Tuesday, May 22, 2012

Visual Cents No. 8

"Light in the Darkness"

Wedding Words of Wisdom

Sunday evening we had the pleasure and honor of attending the wedding of one of my students.  Like most weddings, if was beautiful and joyful.  The thing that made it different for us was that we were the only Caucasians in attendance.  The bride and groom are both Korean as was everyone else.. Except us.  I signed the guest book on the way in with the only signature in English.  As we took our place in the back of the chapel, I must admit I felt a bit out of place, not because anyone  was rude or even looked us weirdly, just because we were a definite minority.  
We had not been seated long when another of my students, the maid of honor came and gave me a big hug.  At least then people knew that we had not just wandered in off the street.  One of my colleagues from school, who is also Korean, was the pianist for the ceremony.  Before she began her prelude she too came and spoke to us.  I was then able to relax.
Though the groom has grown up in the United States, the bride is relatively new to this country, having been here only a few years.  Her parents and brother stepped foot on American soil for the first time only three days before the wedding.   The marriage of a child is stressful under the best of conditions.  I can’t imagine traveling around the world to a country to which you have never been, where everyone speaks a language that you don’t, and then to give your only daughter in marriage, a marriage that will be lived in that unfamiliar country and culture.  
The ceremony itself was a typical Christian marriage.  However, it was done half in English and half in Korean.  The hymn verses alternated between the two languages, the prayers were offered in both languages, and when it came time for the couple to exchange their vows, the groom said his in his English and the bride said hers in Korean.  This way her family would understand her.  It was a wonderful melding of two very different languages and cultures.
The reception was a lot of fun!  Everyone was so friendly and the food was awesome.  The groom’s family owns a restaurant so his father prepared all the food - traditional Korean food.  It was awesome - korean barbecue, kimchi, japchae, and, of course, rice.  I could have gone back for seconds and thirds but I didn’t want to look any more American than I already did.
During the reception we sat at a table with some of the groom’s friends.  They were all friendly and welcoming.  Jisun, my colleague from school also sat with us because, like me, she knew no one but the bride.  It was nice to have the opportunity to talk with her away from school.  Generally we just pass in the hall or negotiate with one another for the use of a particular practice room.  Since she had grown up in Korea, Jisun was able to share with us about some of the Korean traditions as well as translatef the toasts that were spoken in Korean.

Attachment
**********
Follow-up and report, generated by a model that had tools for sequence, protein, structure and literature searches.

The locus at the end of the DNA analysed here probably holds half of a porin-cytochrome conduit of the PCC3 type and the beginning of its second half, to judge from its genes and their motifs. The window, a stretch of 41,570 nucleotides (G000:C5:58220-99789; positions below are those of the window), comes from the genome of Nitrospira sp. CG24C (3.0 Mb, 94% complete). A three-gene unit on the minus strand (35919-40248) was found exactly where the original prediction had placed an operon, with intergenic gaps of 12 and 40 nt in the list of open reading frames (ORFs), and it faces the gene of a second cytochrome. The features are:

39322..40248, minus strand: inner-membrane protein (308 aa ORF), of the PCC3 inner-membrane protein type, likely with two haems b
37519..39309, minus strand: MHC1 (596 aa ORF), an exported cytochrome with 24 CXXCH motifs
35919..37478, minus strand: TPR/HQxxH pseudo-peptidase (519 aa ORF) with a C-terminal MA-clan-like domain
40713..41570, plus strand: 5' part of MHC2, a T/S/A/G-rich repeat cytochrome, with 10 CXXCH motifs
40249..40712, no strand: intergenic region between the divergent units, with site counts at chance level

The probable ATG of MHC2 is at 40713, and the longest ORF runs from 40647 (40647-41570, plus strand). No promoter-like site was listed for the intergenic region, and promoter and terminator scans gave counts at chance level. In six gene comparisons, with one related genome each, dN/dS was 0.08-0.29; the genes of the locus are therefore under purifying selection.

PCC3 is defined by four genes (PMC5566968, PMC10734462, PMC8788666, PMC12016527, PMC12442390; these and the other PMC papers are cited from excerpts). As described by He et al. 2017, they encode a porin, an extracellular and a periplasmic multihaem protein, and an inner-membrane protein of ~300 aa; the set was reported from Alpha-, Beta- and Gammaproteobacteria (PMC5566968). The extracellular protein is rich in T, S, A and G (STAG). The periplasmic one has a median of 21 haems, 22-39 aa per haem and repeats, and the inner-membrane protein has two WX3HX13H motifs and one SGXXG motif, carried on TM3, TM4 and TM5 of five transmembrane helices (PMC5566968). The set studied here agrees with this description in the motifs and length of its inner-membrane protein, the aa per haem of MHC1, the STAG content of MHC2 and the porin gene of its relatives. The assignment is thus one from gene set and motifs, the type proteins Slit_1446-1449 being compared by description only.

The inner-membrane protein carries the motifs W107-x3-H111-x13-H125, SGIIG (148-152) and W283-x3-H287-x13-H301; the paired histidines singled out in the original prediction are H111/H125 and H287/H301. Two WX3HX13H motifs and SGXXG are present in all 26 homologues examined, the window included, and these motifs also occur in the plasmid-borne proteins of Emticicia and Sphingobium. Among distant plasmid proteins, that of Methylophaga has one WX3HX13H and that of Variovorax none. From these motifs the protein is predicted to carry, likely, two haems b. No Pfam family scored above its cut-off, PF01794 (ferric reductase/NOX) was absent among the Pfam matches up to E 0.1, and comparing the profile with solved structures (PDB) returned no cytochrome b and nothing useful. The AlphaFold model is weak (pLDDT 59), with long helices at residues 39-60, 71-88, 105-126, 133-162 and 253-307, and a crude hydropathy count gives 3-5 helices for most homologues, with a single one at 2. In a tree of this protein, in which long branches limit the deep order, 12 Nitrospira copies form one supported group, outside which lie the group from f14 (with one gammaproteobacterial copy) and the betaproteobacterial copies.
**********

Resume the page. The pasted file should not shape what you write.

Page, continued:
In his short homily during the marriage ceremony, the pastor offered the couple some words of wisdom as they begin their married life together.  To help them remember his message, he used the letters of their last  name, K-O-N-G, as an acronym reminding them to always be KIND to one another, to remember that they are ONE, to be willing to NEGOTIATE, and to have a GIVING heart.  He elaborated more than I have done here, using Scripture to further illustrate his words.  At the reception, the best man asked if any one else had other advice to share using this same idea.  A few people had some good advice but none got through all four letters.  (It’s a good thing that this was a Korean wedding and not a Greek one.  Most Korean names are quite short!)  The emcee was not willing to quit until he found someone to get through KONG.  He headed our direction.  Not only did we stick out as the only white folks there, we also looked to be the oldest. ( I don’t know that we really were, but like Jisun said, Asian people age well; they never look as old as they really are.)  I suspect  that he was probably thinking that surely some old married folks would have some valuable words of wisdom for these “kids.”  Unlike in America, Koreans have respect for their elders.
The best man handed Weber the microphone and he spoke to the couple and the crowd.
K - Keep in mind the image of the one standing across from you when you made your vows to one another.
O - Open yourselves completely to one another.
N - Notice everything.
G - With every breathe you take, give thanks to God for all that He has given to you.
His remarks drew a round of applause from the crowd and a few tears from me.  I love him with all my heart and,  equally as important, I respect him for being a man who practices what he preaches.  And, I will never forget the image of the one standing across from me when I made those vows.